Knives in General

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  • #47944
    headhunter
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    I like knives.
    Yur arm is the classic “third class lever”. Yur “load” is what is in your hand, the “force” is yur arm muscles, and your “fulcrum” is yur shoulder joint. So, as every gud elementary science student knows- you get a mechanical advantage of speed and distance — but not of force. When you put a knife in yur hand this extends yur load distance so it gives you more speed and distance advantage, but a further mechanical disadvantage of force.
    What am I saying ? A shorter bladed knife allows you to put more power on to the cutting edge. Most experienced wood cravers use a bunch of knives with 1″ or less blades.
    The only way around this is to take advantage of that “speed distance” thingy where the force of the knife’s edge of the blade becomes a force onto itself because of weight of the knife. Yeah I know, force = mass X velocity. A short handled axe with the same weight head won’t cut as well as the same weight head with a longer handle- you’ve increase the velocity. Two axes with the same length handle- the one with a heavier weight head will cut deeper with each stroke- when you increase the mass.
    Still confused? If you take a Buck General knife (7 1/2″ blade”) it won’t cut stuff as gud as a Cold Steel Scout (7 1/2″ blade) will even if they are the same sharpness because the Buck knife is so much lighter. If yur gonna chop get a Cold Steel. If you want a long cutting edge without a weight penalty- buy a Buck.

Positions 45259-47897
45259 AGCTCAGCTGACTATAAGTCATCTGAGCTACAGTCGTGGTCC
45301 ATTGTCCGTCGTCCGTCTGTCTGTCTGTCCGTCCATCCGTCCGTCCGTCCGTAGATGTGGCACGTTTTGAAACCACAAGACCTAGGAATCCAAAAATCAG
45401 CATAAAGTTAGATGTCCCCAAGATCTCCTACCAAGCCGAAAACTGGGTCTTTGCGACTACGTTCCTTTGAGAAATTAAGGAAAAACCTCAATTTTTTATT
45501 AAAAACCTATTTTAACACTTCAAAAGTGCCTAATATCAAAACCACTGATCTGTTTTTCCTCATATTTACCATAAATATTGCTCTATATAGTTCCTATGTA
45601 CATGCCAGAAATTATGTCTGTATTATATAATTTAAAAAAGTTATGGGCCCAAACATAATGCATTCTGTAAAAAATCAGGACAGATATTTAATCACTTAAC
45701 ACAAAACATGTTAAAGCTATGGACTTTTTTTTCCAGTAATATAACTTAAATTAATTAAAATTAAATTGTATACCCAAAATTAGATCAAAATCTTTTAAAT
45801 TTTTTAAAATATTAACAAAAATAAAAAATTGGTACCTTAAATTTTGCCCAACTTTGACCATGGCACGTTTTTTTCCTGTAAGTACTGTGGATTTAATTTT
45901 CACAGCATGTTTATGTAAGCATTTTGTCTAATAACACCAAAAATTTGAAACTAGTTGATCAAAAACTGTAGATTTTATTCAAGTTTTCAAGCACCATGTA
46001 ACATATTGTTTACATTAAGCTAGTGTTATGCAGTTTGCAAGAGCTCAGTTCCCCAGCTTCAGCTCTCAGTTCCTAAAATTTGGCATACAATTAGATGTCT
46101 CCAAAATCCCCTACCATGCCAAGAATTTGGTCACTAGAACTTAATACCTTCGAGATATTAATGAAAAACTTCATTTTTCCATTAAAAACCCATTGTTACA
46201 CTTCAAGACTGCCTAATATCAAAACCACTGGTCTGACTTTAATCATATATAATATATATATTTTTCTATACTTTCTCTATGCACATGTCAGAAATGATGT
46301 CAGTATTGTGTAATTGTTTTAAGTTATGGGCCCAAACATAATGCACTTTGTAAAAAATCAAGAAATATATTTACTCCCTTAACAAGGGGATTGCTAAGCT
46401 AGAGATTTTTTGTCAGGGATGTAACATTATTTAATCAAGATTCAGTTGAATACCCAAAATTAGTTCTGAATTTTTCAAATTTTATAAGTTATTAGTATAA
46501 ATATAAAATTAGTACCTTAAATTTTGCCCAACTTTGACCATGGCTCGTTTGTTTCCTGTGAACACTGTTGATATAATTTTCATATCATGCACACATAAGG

Bucks, many K-Bars, and S&W are light knives and will make you proficient at batonning (Batonning is splitting wood with a knife by striking the far back of the edge of the knife with a stout piece of wood.). There’s nothin’ wrong with that- that a light axe can’t fix.
    The cold Steel has a flat grind on its blade while the Buck is semi hollow ground; both are good. Total hollow ground knives are usually easier to cut with, usually easier to sharpen, but will not take the abuse.
    If your goin’ ta use your knife for dressing animals , you’re better off with a blade of 3-5″. Carbon steel knives will work with a ferro rod to make sparks and a stainless blade won’t. Stainless will be less likely to rust. Carbon steel blades can be protected by using a rust preventative like auto wax.
    Hardness takes longer to sharpen, but holds an edge better. Most people find a Rockwell rating (hardness test) of 58-60 is good. Soft steel will sharpen easier and quicker (professional butchers generally use soft steel and touch it up frequently (they also are in a position to get a new knife when the old one wears out).
    If you’re cutting poly rope a serrated edge is nice, however, it takes more effort and time to sharpen than a fine edge. A separate knife with a lot of belly ( longer/ deeper curve at the end) for skinning is nice. A drop point blade is usually more useful over-all and is less likely to puncture “innards” when used for gutting. A knife with a ball or gut hook can simplify things enough to make you smile -when you learn all of its uses.
    Watch what kind of sheath you have. A good sheath should protect you from being cut, protect what ever is around you from being cut, and keep the knife from being lost.

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